Earlier this year a study from the Institute Of Diet And Health claimed that eating chocolate helped you to lose weight. The problem was the Institute Of Diet And Health was fake, the study had only 15 participants and 18 different measurements were looked at. However, that didn’t stop the media from lapping it up, which was the whole point of the exercise to illustrate junk science.
Most journalists don’t know how to read a medical study. So to help them here’s a bare bones run down on how to do it.
One of the first things to look at are the authors of the study; how many, what are their credentials and are there any potential conflicts of interest? Closely related is how is the study funded? For example, if a drug company funded a study on a new drug they’re making the study will be likely biased towards a favorable outcome for that study.
Also please keep in mind that for FDA approval, which Canada tends to follow, a new drug must be shown to be not inferior to an existing drug. So if drug A is already on the market new drug B only needs to show that it is not worse than drug A. It doesn’t have to be better or have fewer side effects.
How many participants are there in the study and how many measurements are being looked at? A dead giveaway for the chocolate study was that there were only 15 participants and 18 different measurements were being looked at: too few participants and too many measurements. A study needs to have a reasonable amount of participants in order to be effective. There is no precise number below, which a study is ineffective, but a study should probably have at least 100 people. I’m a participant in a multi-year study that probably has tens of thousands of participants.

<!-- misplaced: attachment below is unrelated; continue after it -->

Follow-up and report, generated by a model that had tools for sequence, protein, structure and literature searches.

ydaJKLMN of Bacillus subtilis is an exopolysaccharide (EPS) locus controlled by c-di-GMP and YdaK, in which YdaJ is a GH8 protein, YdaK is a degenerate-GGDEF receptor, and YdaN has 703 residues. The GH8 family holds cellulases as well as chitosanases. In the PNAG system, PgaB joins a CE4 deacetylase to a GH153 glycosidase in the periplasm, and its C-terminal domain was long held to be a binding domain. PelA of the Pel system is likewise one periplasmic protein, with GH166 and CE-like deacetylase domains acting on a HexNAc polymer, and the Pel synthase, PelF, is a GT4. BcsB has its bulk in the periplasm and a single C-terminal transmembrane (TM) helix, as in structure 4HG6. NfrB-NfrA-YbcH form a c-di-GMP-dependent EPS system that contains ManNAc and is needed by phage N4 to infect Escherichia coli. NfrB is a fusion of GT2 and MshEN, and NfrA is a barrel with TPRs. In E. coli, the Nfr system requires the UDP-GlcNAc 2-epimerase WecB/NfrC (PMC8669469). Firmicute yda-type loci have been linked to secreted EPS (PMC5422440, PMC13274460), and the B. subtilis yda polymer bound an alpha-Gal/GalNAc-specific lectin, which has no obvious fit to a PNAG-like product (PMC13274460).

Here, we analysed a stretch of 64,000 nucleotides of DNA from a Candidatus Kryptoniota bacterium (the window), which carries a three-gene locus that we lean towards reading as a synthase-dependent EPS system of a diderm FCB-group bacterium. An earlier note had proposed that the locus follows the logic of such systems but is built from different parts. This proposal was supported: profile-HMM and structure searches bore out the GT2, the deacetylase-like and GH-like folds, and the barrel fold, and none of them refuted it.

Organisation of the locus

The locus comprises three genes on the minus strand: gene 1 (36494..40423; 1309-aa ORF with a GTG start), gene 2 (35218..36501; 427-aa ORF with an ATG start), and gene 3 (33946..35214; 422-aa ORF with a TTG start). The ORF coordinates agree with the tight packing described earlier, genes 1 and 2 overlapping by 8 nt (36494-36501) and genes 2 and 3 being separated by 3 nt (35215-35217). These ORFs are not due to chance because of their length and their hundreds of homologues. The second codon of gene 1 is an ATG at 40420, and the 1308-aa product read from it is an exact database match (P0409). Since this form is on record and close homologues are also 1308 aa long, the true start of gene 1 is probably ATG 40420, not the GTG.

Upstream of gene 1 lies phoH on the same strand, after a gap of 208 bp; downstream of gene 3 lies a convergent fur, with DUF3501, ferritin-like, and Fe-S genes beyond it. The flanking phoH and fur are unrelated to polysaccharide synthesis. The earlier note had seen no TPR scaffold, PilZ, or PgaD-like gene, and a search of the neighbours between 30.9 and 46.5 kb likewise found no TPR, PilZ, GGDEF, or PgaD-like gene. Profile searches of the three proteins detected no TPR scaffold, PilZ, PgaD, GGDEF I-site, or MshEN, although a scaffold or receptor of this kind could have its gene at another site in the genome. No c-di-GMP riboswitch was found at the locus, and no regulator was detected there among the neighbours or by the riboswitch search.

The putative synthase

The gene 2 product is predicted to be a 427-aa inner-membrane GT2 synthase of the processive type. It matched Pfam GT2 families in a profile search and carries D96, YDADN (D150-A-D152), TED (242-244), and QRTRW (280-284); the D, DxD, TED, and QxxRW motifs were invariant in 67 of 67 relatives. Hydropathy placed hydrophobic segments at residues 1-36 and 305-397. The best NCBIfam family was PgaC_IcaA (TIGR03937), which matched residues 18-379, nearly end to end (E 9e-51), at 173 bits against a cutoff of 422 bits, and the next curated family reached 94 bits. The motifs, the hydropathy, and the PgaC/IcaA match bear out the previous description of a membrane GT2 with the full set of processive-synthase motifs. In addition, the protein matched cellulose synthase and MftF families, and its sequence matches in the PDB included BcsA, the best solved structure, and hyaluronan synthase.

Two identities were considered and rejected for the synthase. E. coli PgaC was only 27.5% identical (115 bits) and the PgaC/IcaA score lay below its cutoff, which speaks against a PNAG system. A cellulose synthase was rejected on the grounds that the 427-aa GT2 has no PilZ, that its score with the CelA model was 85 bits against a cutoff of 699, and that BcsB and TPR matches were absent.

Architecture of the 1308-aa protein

As to how many measurements a study looks at depends on how many participants. The fewer the participants the fewer the measurements. So a study with a 100 participants should probably look at no more than about three measurements. With a much larger study, like the Ontario Health Study, which will be looking at about 300,000 subjects over many years, you can look at a much larger number of measurements.
A study should define the background to what is being studied and describe the rationale for the design of the study. It should also provide details on who was included and who was excluded in the study and why, as well as the endpoints for the study (how long did it run).
Be very careful about the claims. One study I looked at said there was a 71% reduction in stent thrombosis when dual anti-platelet therapy was extended from the current 12 months to 30 months. Sounds very impressive until you look at the incidence. The incidence of stent thrombosis over 18 months is 1.4%, extending dual anti-platelet therapy lowers this to 0.4%.
Remember that one study does not necessarily establish a new treatment, diagnosis, prevention or other such thing. You need several studies showing essentially the same thing in order to be significant. When the link between smoking and cancer was first established, it certainly raised alarm bells, but more studies were needed to confirm it.
Abstracts do not always accurately reflect the summary of the study. Sometimes they make mistakes.
For further information on this subject see the YouTube video, Skeptical Journal Club: How To Read A Medical Study